F-16s as the Ultimate Equalizer: Western Confidence Soars for Ukraine’s Victory

Ukraine's F-16 Force: A Tactical Advantage That Putin Deems a Red Line

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Girish Linganna
Girish Linganna
Girish Linganna is a Defence & Aerospace analyst and is the Director of ADD Engineering Components (India) Pvt Ltd, a subsidiary of ADD Engineering GmbH, Germany with manufacturing units in Russia. He is Consulting Editor Industry and Defense at Frontier India.

Ukraine has been positioned as the likely victor based on NATO’s assessment, and the use of F-16 aircraft is expected to contribute to the escalation of the fight. It is worth mentioning that the Ukrainian Army does not suffer from the same personnel shortage as the Russian Army. Yet, they have only devoted around 30% of their counteroffensive capabilities. NATO intelligence indicates that Russia lacks the capability to mount a retaliatory offensive.

Putin has consistently expressed that Ukraine’s acquisition of F-16 aircraft would be comparable to pressing the nuclear war button. The political red line has been breached by NATO, as seen by the transformation of Zelensky from a perceived “clown actor” at the onset of the conflict to a prominent political figure in Europe. Conversely, Putin’s image has reversed, shifting from a political strongman to a figure of diminished significance.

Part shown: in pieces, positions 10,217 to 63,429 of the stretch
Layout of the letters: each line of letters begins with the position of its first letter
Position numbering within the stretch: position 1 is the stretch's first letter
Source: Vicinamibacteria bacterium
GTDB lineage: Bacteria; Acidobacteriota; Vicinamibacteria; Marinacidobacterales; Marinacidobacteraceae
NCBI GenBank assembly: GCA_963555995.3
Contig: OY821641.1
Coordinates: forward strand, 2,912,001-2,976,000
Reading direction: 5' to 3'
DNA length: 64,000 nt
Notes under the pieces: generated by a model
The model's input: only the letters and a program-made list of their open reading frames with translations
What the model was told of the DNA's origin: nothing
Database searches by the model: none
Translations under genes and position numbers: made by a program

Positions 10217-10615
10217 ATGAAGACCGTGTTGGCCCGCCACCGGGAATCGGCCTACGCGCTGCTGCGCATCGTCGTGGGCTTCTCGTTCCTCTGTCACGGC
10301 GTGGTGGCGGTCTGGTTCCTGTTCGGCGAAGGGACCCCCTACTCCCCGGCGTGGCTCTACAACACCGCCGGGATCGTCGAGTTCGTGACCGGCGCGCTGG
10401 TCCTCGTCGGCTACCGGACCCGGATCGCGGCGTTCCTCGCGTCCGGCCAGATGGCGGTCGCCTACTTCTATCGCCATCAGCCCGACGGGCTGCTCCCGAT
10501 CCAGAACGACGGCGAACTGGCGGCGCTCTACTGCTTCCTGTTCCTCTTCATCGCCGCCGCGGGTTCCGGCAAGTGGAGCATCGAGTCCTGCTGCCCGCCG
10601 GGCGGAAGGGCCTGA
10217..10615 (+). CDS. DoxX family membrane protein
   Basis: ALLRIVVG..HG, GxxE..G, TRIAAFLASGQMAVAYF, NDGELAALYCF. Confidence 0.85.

In general, the F-16 basic training course lasts nine months and consists of 62 flights. In addition, the suppression of enemy air defence (SEAD) specialised mission course lasts one month. The training period lasts for a total of ten months. According to reports, the pilots of the Ukrainian Armed Forces have a remarkable capacity for acquiring new information, and their training period is estimated to be between six and seven months. Ukraine states that the active training has already begun. Ukraine has also begun constructing the necessary infrastructure and airbases to house the F-16s.

Why does Ukraine need F-16? 

Due to its superior performance, it serves in eleven NATO air forces, and the Western hemisphere believes it is far superior to Russian fighters in NATO and can defeat all non-NATO fighters. NATO experts believe that by providing Ukraine with 80-90 F16s, multi-functional missiles and spare parts, intensive training, and contemplating plans to upgrade and acquire new versions, Ukraine can maintain its air superiority over the Russian military.

Norway, Denmark, the Netherlands, and Belgium are replacing 198 F-16 AM/BM from batch 20 MLU with F35A. And this batch of F-16 AM/BM is comparable to the F-16 C/D batch of 50/52.

Even if Ukraine can only obtain second-hand F-16s, compared to MiG-29, this significantly improves its air defence capabilities. In the future, the Ukrainian Armed Forces will be required to deploy Block 70/72 of the F16 V, the most potent variant of the F16 and the most technologically advanced fighter of the fourth generation in the world.